The hardware used here is a special USB dongle. This has a 900 MHz radio which picks out the packets from a reasonably large list of meter types, and pushes them through the USB interface. In the image above you can see that an Arduino with a USB host shield is used, but there are also drivers if you want to connect this directly to your computer.

We looked around and didn’t find any specifics on the hardware used on that board. But it can’t be all that hard to make one of these at home… the populated board seems to have just two ICs and a few passive components. Anyone up to the challenge of hacking together their own packet sniffer? We wonder if the Next HOPE badge could pull down the data?


Harvesting And Graphing Wireless Household Utility Meter Info

Both our electrical meter and our gas meter are located in the basement of our house (we recently had the gas meter moved outside though). When people see this they always ask if the meter readers have to come inside once a month. The answer is no, these meters broadcast usage data which is picked up once a month when a utility company vehicle drives down the street. If you have wireless meters in your house, here’s a way to harvest and graph the wireless data so that you can analyze your usage patterns.

The hardware used here is a special USB dongle. This has a 900 MHz radio which picks out the packets from a reasonably large list of meter types, and pushes them through the USB interface. In the image above you can see that an Arduino with a USB host shield is used, but there are also drivers if you want to connect this directly to your computer.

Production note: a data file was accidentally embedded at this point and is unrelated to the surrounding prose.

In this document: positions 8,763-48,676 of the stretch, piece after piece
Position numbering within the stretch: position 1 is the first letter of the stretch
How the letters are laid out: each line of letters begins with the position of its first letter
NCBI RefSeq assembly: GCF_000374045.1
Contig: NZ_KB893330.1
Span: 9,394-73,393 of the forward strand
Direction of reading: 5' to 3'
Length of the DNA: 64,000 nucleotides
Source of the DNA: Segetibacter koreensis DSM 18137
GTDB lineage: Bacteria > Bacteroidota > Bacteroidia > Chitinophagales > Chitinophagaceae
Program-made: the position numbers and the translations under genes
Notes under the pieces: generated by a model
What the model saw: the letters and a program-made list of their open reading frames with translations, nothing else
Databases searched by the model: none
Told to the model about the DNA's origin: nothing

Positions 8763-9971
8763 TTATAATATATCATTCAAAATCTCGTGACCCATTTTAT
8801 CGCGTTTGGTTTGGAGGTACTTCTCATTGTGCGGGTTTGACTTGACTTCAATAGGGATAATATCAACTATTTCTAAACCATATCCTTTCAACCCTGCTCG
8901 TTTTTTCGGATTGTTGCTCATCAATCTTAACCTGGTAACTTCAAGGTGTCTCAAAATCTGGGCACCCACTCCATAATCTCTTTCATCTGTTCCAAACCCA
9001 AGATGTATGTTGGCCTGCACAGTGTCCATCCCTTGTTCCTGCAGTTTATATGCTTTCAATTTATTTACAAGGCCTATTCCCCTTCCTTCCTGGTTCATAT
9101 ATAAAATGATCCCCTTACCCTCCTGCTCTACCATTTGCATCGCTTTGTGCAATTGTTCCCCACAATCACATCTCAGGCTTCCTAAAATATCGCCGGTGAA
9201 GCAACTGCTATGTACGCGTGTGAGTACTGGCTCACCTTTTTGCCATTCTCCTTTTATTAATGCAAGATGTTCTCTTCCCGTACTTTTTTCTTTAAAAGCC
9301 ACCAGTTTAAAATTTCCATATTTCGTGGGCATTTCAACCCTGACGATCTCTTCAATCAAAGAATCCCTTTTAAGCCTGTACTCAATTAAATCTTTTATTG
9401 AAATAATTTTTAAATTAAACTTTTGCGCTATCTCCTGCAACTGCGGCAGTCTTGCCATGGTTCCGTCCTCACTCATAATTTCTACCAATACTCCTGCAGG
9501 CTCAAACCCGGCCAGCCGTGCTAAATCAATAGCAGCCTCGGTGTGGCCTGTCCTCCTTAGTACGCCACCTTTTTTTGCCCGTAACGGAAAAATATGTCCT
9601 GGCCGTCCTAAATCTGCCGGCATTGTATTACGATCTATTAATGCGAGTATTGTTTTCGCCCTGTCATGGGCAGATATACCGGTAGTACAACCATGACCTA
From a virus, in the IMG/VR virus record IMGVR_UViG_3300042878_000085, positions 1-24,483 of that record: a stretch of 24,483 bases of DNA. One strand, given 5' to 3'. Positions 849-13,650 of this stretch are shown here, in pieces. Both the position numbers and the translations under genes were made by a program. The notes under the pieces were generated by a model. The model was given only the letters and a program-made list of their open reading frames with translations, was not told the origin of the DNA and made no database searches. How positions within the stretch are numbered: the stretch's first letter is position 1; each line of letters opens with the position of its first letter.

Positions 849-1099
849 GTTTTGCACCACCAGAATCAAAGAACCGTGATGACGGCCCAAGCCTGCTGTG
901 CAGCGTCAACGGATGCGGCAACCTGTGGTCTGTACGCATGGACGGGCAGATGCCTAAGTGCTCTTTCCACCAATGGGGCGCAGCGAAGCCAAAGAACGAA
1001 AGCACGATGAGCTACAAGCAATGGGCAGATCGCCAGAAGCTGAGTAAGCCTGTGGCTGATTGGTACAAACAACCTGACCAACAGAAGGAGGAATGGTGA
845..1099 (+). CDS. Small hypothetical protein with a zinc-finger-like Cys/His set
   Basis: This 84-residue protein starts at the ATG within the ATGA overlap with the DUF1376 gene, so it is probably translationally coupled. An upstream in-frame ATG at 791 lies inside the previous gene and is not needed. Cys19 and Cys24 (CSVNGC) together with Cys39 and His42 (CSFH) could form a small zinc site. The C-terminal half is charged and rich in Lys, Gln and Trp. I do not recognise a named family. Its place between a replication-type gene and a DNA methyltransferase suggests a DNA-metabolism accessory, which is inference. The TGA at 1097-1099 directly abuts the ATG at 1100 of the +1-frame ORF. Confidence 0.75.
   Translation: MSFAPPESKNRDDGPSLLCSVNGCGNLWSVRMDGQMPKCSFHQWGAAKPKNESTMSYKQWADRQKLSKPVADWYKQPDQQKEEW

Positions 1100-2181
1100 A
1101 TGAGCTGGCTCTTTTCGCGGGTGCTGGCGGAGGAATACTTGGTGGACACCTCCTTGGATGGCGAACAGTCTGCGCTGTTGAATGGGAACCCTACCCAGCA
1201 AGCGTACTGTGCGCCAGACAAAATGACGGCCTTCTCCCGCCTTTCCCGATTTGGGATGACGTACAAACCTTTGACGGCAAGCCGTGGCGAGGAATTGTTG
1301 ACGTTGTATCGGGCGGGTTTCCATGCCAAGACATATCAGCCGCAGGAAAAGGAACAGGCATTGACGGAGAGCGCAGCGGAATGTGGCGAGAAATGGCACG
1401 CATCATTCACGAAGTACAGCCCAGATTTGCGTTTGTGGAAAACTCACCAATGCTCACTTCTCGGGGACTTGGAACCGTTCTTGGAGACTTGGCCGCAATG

We looked around and didn’t find any specifics on the hardware used on that board. But it can’t be all that hard to make one of these at home… the populated board seems to have just two ICs and a few passive components. Anyone up to the challenge of hacking together their own packet sniffer? We wonder if the Next HOPE badge could pull down the data?


Harvesting And Graphing Wireless Household Utility Meter Info

Both our electrical meter and our gas meter are located in the basement of our house (we recently had the gas meter moved outside though). When people see this they always ask if the meter readers have to come inside once a month. The answer is no, these meters broadcast usage data which is picked up once a month when a utility company vehicle drives down the street. If you have wireless meters in your house, here’s a way to harvest and graph the wireless data so that you can analyze your usage patterns.

The hardware used here is a special USB dongle. This has a 900 MHz radio which picks out the packets from a reasonably large list of meter types, and pushes them through the USB interface. In the image above you can see that an Arduino with a USB host shield is used, but there are also drivers if you want to connect this directly to your computer.

We looked around and didn’t find any specifics on the hardware used on that board. But it can’t be all that hard to make one of these at home… the populated board seems to have just two ICs and a few passive components. Anyone up to the challenge of hacking together their own packet sniffer? We wonder if the Next HOPE badge could pull down the data?


Harvesting And Graphing Wireless Household Utility Meter Info

Both our electrical meter and our gas meter are located in the basement of our house (we recently had the gas meter moved outside though). When people see this they always ask if the meter readers have to come inside once a month. The answer is no, these meters broadcast usage data which is picked up once a month when a utility company vehicle drives down the street. If you have wireless meters in your house, here’s a way to harvest and graph the wireless data so that you can analyze your usage patterns.